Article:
How to Choose the Best Editor for Your Book
Seven Steps to Choose the Right Editor for You You've completed the first draft for your book, but now what do you do? This blog shows you what do to find the right editor for your manuscript. Somewhere, there is an editor that is just right for your work. Here are steps to take to ensure you find the best editor for your work and needs.
1. Understand the different kinds of editing your book needs and communicate your needs with potential editors. While there is some overlap between these different types of editing and each editor will interpret these differently or use different words, these are the fundamental forms of editing that book authors need:
Developmental Editing--(Sometimes called content or structural editing) is the larger context of the work, including overall message, organization, chapter outline, logic of ideas, early drafting, and feasibility of approach. Editor(s) and/or writer(s) need to complete this process before any other forms of editing can take place. This can be the most time-consuming and expensive form of editing.
Line Editing--(Sometimes called substantive or stylistic editing) is smoothing the structural issues in the work in sentences and within and among paragraphs in the work for cohesion, clarity, and conciseness. Many consider line editing part of copy editing.
Copy Editing--(Sometimes includes line editing--I combine these two in my editing) includes correcting grammatical, punctuation, mechanical, and vocabulary issues in the work, as well as correcting the document for accuracy, like fact-checking.
Proofreading--includes a check of the final copy or "proof" of the work for typos, spelling, grammar, punctuation, mechanics, and formatting inconsistencies. This tends to be the quickest and most affordable kind of editing.
2. Find the editor that's right for you. Depending on what you need, consider the questions in the section Qualities in an Effective Editor. However, even a good editor isn't necessarily compatible with your style or vibe. How do you know if they're right for you? Consider some of the following questions:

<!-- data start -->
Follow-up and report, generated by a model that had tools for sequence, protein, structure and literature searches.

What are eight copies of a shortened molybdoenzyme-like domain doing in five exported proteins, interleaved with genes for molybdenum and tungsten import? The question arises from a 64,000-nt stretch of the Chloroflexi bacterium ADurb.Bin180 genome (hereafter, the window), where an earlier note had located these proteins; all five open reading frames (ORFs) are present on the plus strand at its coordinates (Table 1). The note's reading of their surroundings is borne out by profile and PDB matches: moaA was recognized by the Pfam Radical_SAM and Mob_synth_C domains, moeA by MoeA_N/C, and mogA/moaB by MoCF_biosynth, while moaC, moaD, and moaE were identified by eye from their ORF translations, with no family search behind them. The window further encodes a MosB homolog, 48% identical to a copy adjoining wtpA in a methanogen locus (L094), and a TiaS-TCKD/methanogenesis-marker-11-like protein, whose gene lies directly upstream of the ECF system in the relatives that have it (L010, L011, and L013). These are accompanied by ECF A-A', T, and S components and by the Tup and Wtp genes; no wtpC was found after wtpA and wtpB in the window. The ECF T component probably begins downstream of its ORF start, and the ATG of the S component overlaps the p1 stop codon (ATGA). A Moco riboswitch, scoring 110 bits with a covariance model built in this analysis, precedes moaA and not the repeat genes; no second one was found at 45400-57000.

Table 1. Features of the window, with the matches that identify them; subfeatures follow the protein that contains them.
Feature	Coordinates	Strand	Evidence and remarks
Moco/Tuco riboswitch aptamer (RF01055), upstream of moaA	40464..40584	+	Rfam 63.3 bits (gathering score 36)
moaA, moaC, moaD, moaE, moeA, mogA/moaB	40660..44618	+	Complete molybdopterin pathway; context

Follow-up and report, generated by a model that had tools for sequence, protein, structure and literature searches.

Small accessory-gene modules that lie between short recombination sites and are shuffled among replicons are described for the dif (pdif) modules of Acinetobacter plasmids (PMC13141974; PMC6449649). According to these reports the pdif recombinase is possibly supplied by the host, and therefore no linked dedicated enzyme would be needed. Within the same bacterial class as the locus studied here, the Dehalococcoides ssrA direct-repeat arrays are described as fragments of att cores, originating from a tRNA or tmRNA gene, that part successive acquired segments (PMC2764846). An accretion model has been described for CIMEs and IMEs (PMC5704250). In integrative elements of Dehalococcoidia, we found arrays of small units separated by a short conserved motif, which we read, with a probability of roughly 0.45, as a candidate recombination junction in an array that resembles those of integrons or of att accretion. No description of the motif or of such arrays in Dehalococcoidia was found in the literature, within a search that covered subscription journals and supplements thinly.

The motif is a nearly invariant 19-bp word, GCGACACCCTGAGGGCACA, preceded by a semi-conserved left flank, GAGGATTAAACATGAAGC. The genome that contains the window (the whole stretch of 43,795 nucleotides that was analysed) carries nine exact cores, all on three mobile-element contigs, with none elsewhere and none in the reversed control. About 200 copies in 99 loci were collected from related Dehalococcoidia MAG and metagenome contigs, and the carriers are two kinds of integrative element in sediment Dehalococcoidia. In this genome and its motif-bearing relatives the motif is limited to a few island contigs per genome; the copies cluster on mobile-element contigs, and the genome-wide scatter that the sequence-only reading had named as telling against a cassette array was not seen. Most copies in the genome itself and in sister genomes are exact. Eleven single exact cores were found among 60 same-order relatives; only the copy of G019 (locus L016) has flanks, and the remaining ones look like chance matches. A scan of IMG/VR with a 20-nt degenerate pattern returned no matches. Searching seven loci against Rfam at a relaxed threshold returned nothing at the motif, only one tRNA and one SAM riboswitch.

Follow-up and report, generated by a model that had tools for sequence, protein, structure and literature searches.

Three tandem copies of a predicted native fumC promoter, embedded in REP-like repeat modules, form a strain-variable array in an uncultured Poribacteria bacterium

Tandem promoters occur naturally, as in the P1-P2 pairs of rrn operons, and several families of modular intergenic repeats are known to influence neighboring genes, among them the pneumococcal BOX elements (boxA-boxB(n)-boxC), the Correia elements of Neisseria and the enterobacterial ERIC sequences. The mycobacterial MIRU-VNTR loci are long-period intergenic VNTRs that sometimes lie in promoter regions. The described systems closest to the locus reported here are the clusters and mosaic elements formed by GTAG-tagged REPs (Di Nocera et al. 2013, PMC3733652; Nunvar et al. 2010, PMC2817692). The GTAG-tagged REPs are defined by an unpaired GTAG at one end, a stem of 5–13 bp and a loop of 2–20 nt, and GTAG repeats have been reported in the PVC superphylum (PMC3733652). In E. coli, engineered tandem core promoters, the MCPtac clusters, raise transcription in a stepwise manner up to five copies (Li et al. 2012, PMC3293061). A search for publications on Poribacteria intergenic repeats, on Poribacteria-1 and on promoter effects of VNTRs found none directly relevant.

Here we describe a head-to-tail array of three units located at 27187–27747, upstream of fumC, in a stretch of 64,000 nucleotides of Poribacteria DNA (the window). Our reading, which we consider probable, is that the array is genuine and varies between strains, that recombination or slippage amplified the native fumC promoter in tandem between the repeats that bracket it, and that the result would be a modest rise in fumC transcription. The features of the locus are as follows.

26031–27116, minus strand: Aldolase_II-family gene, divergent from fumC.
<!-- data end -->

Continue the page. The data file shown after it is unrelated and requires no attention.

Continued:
Do they have a clear track record of skills, experience, and success/results? Ways to tell if they do include social proof on their website of books edited, testimonials, reviews, education, and experience and interest in your genre/niche. Are they on several reputable sites?
Is there passion reflected in their website and work? If you can, see a sample of their work. While some editors may not have all of the examples listed above, there should be a track record of experience, competence, and professionalism.
What do others have to say about the editor with whom you want to work? Ask editors and their clients questions, particularly the things that matter most to you.
Are they passionate about your message and/or niche? Do they have experience in your genre or niche?
While not the first quality to look for, are they courteous? Even more important, are they reliable?
Does the editor mesh with your vibe? They may check all the boxes above, but you need to be able to work with the editor you hire, so trust your gut instinct before hiring anyone.
3. Before you hire, know your budget and time frame. While it saves time and money in the long run, editing a book can be time consuming and expensive, so be sure you're realistic about the process.
Speak with authors who have hired an editor or at least those who have edited their own work. There is no prescribed length of time to write, edit, or proofread a book, though there is a general time range most editors take to do these steps.
How long it takes in each step of the editing process can depend on the editor and quality of the work. Some will charge more for a quick turnaround, and editors work at differences paces. Everyone is unique.
Editing almost always takes more time than expected, so build in extra time for contingencies.
Also consider that some editors are booked out months or more.
Do you have an ultimate goal for when you want the final proof completed?
Do you have a goal for each step in the process?
Do you want an editor for developmental editing, line editing, copy editing, or proofreading, or some combination of these? Many editors offer different tiers and packages based on these steps.
Are there external circumstances that influence your deadline?
How much help do you need with the book?
How much are you willing to spend?
How much can you set aside for editing, and how much help can you get based on your editor's estimates?
Most editors can give you an average on their time frame and clarify variables that impact completion of the final product. Please note that estimations of time and cost are averages and can vary as the project evolves. Communicate these questions and concerns with your editor.